Mr. Pinker takes us on a journey through Homer’s Iliad and Odyssey, the Hebrew Bible, Medieval times, modern European and United States history to show how “total” war actually was in 1200 BCE, the religious irreverence for human life, and how non-chivalrous knights were. In the Pacification Process we get a Hobbesian and Darwinian look at the origins of violence and the “adaptive logic of violence and its predictions for the kinds of violent impulses that might have evolved” in us. In this chapter we also get a first look at some numbers such as the amount of deaths in warfare. In 2005, as a percentage of ALL deaths in the world, the number of violent deaths was 17,400. These are directly attributable to war, terrorism, genocide, and killings by warlords and militias. As a percentage of all deaths, this is .0003 (three hundredths of a percent) of all deaths in the world. Across the entire 20th century, there were approximately 40 million battle deaths over that 100 years. As a percentage of the 6 billion people that dies in total, this is .7 percent of the world’s population died in battle. By contrast, from 10,000 BCE to more modern day hunter-gatherer societies, there was a death-in-warfare rate of an average of 15 percent of the world population, and with some rates as high as 60 percent. The lowest rate of death-in-warfare of the studied and recorded time period was about 2 percent. Just a 2 percent death-in-warfare rate would have more than doubled the battle deaths in the 20th century.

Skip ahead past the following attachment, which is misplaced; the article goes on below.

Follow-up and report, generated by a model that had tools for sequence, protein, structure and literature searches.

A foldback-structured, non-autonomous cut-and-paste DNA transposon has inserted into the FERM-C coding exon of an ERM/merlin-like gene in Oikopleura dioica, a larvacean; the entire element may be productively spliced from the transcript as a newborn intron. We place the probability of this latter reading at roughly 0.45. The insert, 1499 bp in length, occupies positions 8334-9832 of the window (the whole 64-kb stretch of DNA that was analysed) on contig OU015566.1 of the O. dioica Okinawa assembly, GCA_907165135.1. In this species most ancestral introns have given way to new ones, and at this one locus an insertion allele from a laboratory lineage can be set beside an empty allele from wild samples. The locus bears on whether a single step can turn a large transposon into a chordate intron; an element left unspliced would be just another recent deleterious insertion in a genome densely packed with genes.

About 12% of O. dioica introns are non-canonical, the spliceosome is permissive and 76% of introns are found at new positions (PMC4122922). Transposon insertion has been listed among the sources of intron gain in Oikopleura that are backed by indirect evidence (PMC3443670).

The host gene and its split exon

What we see in the Pacification Process chapter of the book, and by the end of the book, is that Hobbes theory of a Leviathan is a major contributor to a massive decrease in violence over time. It is perfect? Not by any stretch! However, the movement from non-state to state, Leviathan-like, society began an unprecedented pacification process in human history.